Current law: The 1998 California High School Coaching Education and Training Program (HSCTP) is administered by school districts and emphasizes coaching philosophies and sports management. Coaches must get a certification in CPR and first aid.
What’s new: AB 2800 would require high school coaches to be trained will a basic understanding of the symptoms of heat illness. It would add certification to the first aid training that high school coaches already receive that proves an understanding of signs of heat illness and the appropriate responses.
Why it’s needed: Sadly, here in California, two students passed away from heat illness in the last year. According to the author, "The Federal Centers for Disease Control, (CDC) states that heat illness during practice or competition is the leading cause of death among U.S. high school athletes.” Especially in the Sacramento Valley, where temperatures reach into the 100s during the summer months, heat illness is a relevant concern for student-athletes.
Summary: Lactation accommodations in higher education
Current law: A student cannot be discriminated against based on that student’s pregnancy, childbirth, false pregnancy, termination of pregnancy or recovery from a terminated pregnancy.
What’s new: AB 2785 requires California Community Colleges and the California State Universities to provide accommodations to lactating students, including a reasonable amount of time and a private room for lactation purposes.
Why it’s needed: A parent needs to nurse or pump milk every two to three hours to establish a healthy milk flow for their child. However, CCC and CSU campuses lack consistent lactation accommodations for students.
Summary: Free and reduced-price meals in charter schools.
Current law: All K through 12 schools are required to provide one nutritional meal, but charter schools are exempt from this “State Meal Mandate.”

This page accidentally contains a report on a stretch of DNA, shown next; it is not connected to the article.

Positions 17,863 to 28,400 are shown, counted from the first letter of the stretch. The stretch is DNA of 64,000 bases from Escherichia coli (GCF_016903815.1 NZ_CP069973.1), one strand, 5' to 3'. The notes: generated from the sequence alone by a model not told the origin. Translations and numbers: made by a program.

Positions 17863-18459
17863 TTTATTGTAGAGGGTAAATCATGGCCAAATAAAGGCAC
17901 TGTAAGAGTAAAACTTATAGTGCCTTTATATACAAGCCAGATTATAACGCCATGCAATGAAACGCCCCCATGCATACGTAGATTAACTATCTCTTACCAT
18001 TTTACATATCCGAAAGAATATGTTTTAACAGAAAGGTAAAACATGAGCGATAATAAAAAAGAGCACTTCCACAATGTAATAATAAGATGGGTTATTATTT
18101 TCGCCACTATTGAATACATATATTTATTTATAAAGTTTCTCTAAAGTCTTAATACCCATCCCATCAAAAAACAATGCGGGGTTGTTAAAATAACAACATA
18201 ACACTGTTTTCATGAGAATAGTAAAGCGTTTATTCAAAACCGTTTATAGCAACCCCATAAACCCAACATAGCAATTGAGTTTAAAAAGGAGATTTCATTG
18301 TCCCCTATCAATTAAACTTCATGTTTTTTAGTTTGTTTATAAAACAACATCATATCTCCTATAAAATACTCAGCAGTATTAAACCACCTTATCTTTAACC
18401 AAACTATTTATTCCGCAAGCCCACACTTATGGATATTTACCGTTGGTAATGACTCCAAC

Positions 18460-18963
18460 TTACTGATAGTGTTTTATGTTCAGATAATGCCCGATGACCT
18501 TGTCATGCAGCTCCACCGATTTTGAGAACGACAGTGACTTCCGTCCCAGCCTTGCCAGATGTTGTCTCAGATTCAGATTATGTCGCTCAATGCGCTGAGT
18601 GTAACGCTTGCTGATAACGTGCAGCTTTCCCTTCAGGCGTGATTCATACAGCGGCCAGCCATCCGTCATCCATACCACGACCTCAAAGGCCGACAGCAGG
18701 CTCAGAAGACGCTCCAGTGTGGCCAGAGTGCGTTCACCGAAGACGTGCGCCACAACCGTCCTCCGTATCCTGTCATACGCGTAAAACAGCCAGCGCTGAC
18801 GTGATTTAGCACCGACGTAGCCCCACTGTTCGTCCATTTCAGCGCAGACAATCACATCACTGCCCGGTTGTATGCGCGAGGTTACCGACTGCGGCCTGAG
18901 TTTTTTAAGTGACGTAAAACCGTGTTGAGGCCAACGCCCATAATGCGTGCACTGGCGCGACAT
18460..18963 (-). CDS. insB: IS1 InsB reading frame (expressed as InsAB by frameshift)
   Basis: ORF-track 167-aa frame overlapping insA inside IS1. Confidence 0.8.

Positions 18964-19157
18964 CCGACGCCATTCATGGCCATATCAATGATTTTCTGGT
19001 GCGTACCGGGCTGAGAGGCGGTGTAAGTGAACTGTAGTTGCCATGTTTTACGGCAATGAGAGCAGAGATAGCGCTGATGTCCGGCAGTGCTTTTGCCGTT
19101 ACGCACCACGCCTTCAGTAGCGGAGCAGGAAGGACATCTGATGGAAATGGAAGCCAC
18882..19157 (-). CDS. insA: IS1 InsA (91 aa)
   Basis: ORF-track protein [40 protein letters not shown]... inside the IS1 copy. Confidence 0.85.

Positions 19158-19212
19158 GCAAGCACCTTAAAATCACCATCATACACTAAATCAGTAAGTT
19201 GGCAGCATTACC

What’s new: AB 1871 requires charter schools to provide each student in need with one nutritional free or reduced-price meal, which will qualify for reimbursement under federal child nutrition program regulations, each school day. This exempts charter schools that only offer non-classroom-based or non-site-based instruction.
Why it’s needed: There are many students who qualify for free or reduced-price meals who attend a charter school, but many charter schools do not provide meals to the children. For students who suffer from food insecurity, a guaranteed nutritional meal every day would make a world of difference and will help low-income parents.
(Editor's Note: To provide context to the scope of this issue, this will effect about 63 of the state's 1,275 charter schools, according to the California Charter Schools Association.)
Summary: Sexual health education in charter schools
Current law: Schools operated by California school districts are required to provide comprehensive sexual health and HIV prevention instruction to all students in grades seven through 12.
What’s new: Defines “school district” to include charter schools, extending to charter schools the requirement to provide instruction on sexual health and HIV prevention.
Why it’s needed: Comprehensive sexual health and HIV prevention have been shown to be effective in both delaying sexual activity and increasing condom and contraceptive use among youth who are already sexually active. This means more safe sex, fewer people suffering from sexually contracted diseases, and fewer teen pregnancies.
Summary: Safety and human trafficking prevention resources
Current law: Each school district must ensure that all students in grades seven through 12 receive comprehensive sexual health education and HIV prevention education. This instruction includes information about sexual harassment, sexual assault, sexual abuse, and human trafficking.
What’s new: SB 1104 requires school districts to work with schools that serve students in grades six through 12 to identify the most appropriate methods of informing parents and guardians of human trafficking prevention resources and requires schools to implement those methods by Jan. 1, 2020.
Why it’s needed: Parents and guardians are more adept at recognizing odd or uncharacteristic behavior in their children. Since there are certain behaviors that can indicate a human trafficking incident, like depression and signs of abuse, parents and guardians must have information and resources on human trafficking in order to protect their children.
Summary: School safety